University of Sydney Handbooks - 2020 Archive

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Study in Immunology is offered by the Discipline of Infectious Diseases and Immunology in the School of Medical Sciences, Faculty of Medicine and Health. Units of study in this minor are available at standard and advanced level.

About the minor

The immune system is an integrated network of cells and specialised organs that can respond to external and internal threats. It can be mobilized to protect humans from infections and cancer while simultaneously being the underlying mechanism of major acute and chronic pathologies.

The Immunology minor examines how it is that our immune system can be both the cause and the cure of disease in humans and animals. This is important, as an understanding of immunological and pathological mechanisms allows us to think about how our immune system can be manipulated to prevent and treat disease. This minor draws together studies in immunology, pathology, microbiology, biology, biochemistry, and physiology.

Studies in immunology are important because they are leading to advances in clinical medicine and clinical science, including helping develop new vaccines and immuno-therapies. In addition, immunological techniques are widely used in biology, endocrinology, microbiology, cell and molecular biology, neurobiology and genetics.

Requirements for completion

A minor in Immunology requires 36 credit points, consisting of:

(i) 6 credit points of 1000-level core units
(ii) 6 credit points of 1000-level selective units
(iii) 6 credit points of 2000-level core units according to the following:
(a) 6 credit points of 2000-level MIMI coded units or
(b) 6 credit points of 2000-level MEDS coded units for students in the Medical Science stream
(iv) 6 credit points of 2000-level selective units
(v) 12 credit points of 3000-level minor core units

First year

CHEM1XX1 Chemistry 1A and 6 credit points from a selection of BIOL1XX7 From Molecules to Ecosystems and BIOL1XX8 Human Biology (MEDS1X01 is only available to students enrolled in the medical science stream).

The minor in Immunology begins in first year with study of chemistry relevant to the life sciences, and a choice of human biology or biology that takes you from molecules to ecosystems and positions human health and disease in this context. Chemistry and biology are foundational to the study of immunology.

Second year

MIMI2X02 Microbes, Infection and Immunity and 6 credit points from a selection of BCMB2X01 Biochemistry and Molecular Biology and IMMU2X11 Immunobiology.

For Medical Science stream students: MEDS2004 Microbes, Infection and Immunity and 6 credit points from a selection of MEDS2003 Biochemistry and Molecular Biology and IMMU2X11 Immunobiology. (BMED and MEDS units are only offered to Medical Science stream students).

In the second year of your Immunology minor you will study microbes, infection and immunity, which provides key knowledge and skills in immunology, pathology, infectious diseases and microbiology. Alongside this essential learning you have the opportunity to further develop your understanding in biochemistry and molecular biology or in immunobiology, depending on your preference.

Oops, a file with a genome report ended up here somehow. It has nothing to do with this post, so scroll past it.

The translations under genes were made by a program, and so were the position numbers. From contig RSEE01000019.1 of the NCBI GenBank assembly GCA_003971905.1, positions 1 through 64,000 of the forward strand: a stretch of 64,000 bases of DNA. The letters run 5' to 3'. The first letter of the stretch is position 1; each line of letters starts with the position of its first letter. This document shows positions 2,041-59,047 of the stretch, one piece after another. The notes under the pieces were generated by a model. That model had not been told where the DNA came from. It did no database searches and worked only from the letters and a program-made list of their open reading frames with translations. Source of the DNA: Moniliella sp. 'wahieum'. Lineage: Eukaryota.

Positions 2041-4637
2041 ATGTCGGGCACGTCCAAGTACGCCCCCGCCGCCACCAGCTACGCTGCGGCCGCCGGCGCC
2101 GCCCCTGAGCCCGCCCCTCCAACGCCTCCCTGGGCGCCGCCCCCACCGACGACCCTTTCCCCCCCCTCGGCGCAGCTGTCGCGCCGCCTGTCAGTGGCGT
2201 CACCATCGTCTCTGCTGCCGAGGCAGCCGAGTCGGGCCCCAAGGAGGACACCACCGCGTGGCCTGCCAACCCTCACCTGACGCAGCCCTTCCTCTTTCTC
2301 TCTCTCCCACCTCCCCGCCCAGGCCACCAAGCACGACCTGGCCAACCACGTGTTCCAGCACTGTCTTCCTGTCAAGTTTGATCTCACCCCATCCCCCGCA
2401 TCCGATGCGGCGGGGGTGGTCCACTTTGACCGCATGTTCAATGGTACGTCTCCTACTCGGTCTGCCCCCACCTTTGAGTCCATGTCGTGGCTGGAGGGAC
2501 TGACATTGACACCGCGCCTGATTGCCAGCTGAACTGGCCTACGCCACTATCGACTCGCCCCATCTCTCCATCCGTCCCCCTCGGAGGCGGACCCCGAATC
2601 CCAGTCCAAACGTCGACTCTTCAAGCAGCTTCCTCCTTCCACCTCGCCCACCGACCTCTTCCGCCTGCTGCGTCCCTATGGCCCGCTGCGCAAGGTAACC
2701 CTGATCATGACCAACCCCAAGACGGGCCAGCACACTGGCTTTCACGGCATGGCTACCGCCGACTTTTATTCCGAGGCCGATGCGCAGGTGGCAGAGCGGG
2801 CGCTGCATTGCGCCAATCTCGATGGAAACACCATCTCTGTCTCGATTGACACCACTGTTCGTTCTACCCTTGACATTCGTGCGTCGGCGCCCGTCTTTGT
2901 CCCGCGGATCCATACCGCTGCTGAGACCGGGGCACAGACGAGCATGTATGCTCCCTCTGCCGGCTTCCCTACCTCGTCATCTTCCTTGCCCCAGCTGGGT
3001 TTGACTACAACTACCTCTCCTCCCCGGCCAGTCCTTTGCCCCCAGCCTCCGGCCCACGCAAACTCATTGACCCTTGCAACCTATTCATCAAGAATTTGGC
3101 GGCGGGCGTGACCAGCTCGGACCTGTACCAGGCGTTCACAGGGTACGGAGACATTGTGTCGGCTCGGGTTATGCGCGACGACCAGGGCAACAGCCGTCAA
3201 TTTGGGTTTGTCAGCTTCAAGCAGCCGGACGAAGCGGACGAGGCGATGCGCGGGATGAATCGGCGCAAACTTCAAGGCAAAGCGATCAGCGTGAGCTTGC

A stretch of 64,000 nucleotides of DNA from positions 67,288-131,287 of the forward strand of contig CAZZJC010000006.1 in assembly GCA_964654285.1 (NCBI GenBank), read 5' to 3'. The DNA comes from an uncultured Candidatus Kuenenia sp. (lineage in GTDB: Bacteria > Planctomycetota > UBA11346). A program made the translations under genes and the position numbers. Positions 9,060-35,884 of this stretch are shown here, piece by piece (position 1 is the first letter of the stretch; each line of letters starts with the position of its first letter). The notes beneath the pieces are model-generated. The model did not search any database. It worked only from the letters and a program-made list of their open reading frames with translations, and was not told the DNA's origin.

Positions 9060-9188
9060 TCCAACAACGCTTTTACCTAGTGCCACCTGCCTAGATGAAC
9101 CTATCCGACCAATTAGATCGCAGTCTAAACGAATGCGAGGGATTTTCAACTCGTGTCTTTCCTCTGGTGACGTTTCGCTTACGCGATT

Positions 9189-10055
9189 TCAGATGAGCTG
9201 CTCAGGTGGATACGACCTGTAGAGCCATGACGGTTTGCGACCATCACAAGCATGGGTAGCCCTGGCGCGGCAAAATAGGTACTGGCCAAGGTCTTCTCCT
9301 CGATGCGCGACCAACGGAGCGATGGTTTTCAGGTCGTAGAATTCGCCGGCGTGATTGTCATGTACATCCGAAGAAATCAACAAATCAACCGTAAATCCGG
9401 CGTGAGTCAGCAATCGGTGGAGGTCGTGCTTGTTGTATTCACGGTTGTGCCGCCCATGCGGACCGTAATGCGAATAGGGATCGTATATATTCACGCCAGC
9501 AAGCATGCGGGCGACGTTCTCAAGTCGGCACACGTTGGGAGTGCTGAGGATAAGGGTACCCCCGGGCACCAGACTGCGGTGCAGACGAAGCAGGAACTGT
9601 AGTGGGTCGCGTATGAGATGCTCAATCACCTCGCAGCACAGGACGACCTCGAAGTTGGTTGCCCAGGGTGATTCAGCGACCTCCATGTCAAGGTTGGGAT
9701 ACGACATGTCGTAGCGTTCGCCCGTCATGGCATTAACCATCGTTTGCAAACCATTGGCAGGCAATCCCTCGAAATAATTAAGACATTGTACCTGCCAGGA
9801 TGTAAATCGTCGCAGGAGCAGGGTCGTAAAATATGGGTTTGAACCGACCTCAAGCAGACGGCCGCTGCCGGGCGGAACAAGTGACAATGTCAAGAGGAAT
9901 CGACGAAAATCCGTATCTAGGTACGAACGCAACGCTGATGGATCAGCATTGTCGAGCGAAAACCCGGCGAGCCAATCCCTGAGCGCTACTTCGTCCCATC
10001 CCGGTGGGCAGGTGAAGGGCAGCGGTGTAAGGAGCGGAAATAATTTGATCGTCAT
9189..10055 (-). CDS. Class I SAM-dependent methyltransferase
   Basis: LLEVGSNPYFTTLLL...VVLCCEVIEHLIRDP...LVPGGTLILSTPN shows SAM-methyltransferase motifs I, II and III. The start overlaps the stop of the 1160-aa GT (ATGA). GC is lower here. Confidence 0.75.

Third year

Core: IMMU3102/3902 Molecular and Cellular Immunology, IMMU3202/3903 Immunology in Human Disease.

In your third year you must take at least one designated project unit.

In your third year of the minor you will undertake units of study in immunology. Building on your second year studies in microbes, infection and immunity, you will investigate molecular and cellular aspects of the immune system in detail and immune responses in human health and disease.

Contact and further information


Infectious Diseases and Immunology
Level 5 (East), Charles Perkins Centre hub (D17)
University of Sydney NSW 2006

Associate Professor Scott Byrne
T +61 2 9351 7308

Learning Outcomes

Students who graduate from Immunology will be able to:

  1. Exhibit a broad and coherent body of knowledge of how the cells and molecules of our immune system cooperate to maintain health.
  2. Exhibit an integrated knowledge of the role of the immune system in both the cause of pathology and the cure of disease.
  3. Critically evaluate the application of a range of immunological techniques/skills.
  4. Communicate concepts and findings in immunology and pathology across a range of modes for a variety of purposes and audiences, using evidence-based arguments that are robust to critique.
  5. Apply immunological concepts and approaches to a diverse range of disease contexts and solve complex immunological and pathological problems.
  6. Design, evaluate and test diagnostic pathology assays using knowledge of immunology and of industry standards in assay development and regulation.
  7. Develop creative and innovative approaches to problem solving in the fields of immunology and pathology research and work effectively, responsibly and safely in individual and collaborative contexts.
  8. Evaluate how therapeutic approaches that target cells and molecules of our immune and other organ systems lead to breakthroughs in human disease detection, treatment and management, and examine how these are handled from different community and cultural perspectives.